> Using USB-to-parallel-adapters does not work

Have you tried modifying the Device Manager configuration for the USB-to-parallel adapter to assign it the I/O port and IRQ traditionally associated with LPT1 (I/O port 0x3BC, IRQ 7)? Changing exactly those kinds of mappings are the whole (original) purpose of the Windows Device Manager :)

The other thing you could do, though, is just run the automation software in a VM, and map the USB parallel port to the VM's LPT1. It's the IBM z/OS philosophy :)


Thank you! I will pass the hint regarding the Device Manager on to our automation people!

But as far as I recall, the software runs on DOS (for real!), and attempts to run it inside a VM have not been very successful, because the link between the software and the PCL is very timing-sensitive or something like that. FreeDOS did not work, either; I got to install MS-DOS 6.22 on a few machines two or three years ago for that reason. It was fun actually, but finding three floppy disks for the installation media was ... challenging. ;-)


You can easily make a bootable CD-ROM for MS-DOS by using the boot emulation...

> mkisofs -b dos622_1.img . > \temp\dos6.iso

something like this, will get you a bootable CD that'll emulate a floppy and get you onto that first disk... It's probably easier to do a dump/restore set of whatever it is you need to install, or just make a boot floppy to load up MSCDEX & friends so you can xcopy as another solution.....

Parallel ports aren't too hard to find, there is PCI cards you can find with parallel ports.. Now ISA slots on the other hand....


I actually tried something along those lines, but I could not get it to work properly. The installation started normally, but when it was time to enter the second disk, the installer somehow did not accept the second disk.... :-|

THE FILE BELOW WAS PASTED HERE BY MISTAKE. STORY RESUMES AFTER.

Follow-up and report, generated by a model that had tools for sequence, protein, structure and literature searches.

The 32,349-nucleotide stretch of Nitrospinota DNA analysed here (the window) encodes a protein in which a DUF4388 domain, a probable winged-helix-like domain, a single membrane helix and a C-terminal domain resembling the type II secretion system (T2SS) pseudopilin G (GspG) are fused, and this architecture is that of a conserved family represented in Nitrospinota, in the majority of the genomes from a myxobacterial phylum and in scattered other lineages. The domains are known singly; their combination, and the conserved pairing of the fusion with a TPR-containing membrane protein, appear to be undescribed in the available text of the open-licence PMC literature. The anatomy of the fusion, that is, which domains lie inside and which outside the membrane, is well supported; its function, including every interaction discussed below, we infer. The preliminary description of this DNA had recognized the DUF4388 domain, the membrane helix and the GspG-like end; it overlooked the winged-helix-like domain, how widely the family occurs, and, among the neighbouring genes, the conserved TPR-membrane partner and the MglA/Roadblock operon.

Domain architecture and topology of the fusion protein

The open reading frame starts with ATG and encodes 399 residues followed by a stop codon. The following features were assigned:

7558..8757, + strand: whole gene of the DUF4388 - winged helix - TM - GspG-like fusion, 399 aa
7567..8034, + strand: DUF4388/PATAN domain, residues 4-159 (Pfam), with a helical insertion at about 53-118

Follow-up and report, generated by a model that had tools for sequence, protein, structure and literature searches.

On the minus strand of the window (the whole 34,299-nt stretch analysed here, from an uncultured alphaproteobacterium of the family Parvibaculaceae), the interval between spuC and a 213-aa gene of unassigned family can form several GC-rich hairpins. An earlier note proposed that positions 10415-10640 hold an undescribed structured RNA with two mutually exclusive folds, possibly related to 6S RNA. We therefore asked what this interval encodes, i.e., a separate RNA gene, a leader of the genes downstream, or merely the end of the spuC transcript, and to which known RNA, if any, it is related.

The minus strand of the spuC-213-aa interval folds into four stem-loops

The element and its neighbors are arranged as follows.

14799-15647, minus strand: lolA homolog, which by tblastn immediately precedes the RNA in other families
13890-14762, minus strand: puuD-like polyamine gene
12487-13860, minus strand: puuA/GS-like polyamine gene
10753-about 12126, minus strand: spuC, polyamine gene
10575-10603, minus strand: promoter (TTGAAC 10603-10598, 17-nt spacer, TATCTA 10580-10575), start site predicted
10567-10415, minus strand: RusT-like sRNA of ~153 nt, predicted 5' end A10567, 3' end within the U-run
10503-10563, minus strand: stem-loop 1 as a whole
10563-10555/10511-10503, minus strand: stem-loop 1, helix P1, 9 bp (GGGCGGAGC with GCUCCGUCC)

On the upside, installing MS-DOS 6.22 from floppies took less than 15 minutes, and the freshly installed system booted withing 15 seconds. ;-)


> Using USB-to-parallel-adapters does not work, and finding motherboards with parallel ports has become rather difficult. :-|

These won't work either?

https://www.newegg.com/Product/Product.aspx?Item=N82E1681515...


Hmm, the software could be hardcoded to LPT1. Most mobos still have the port on the chipset, they just don't have the headers. Not sure if you can re-assign LPT3 to LPT1..


The software runs on MS-DOS, I assume it is hardcoded to use LPT1.


If it runs on MS-DOS, it most probably isn't hardcoded to use "LPT1" (the DOS device), but instead is hardcoded to use the exact I/O port and IRQ normally assigned to LPT1 (according to Wikipedia, I/O port 0x378 and IRQ 7). Other than filesystem and disk access, software running on MS-DOS nearly always accessed the hardware directly.


I just found out that the piece in software is being rewritten from scratch (since the original vendor has gone out of business long ago). And since the new version is written by a contractor on behalf of the customer, it will not require a dongle or anything like that.


Dongles are awesome!! I work at a biotech company and we purchase a lot of bioprocessing equipment at auctions. Typically the s/w is like $10,000+ so they just sell us the PC with the installed s/w for a couple of hundred. These PCs have like XP era hardware that instantly shits the bed after a few months. Having dongles means you can install the software again on a fresh PC and carry over the license without having to re-prove that you have purchased the software separately. Haven't run into parallel port dongles yet.. /shudder


I've had one of these dongles fail before. Penalties for non-timely delivery made duplicating these dongles necessary.

And yes, those parallel port dongles were even worse. I suppose you might be able to find a PCIe parallel port card?


The lovely thing about FAT32 was that you could mount it from Linux which was a big thing back then. So for example, I could use WINE to run Counter Strike on Linux, and actually have a more stable experience than Windows 9x.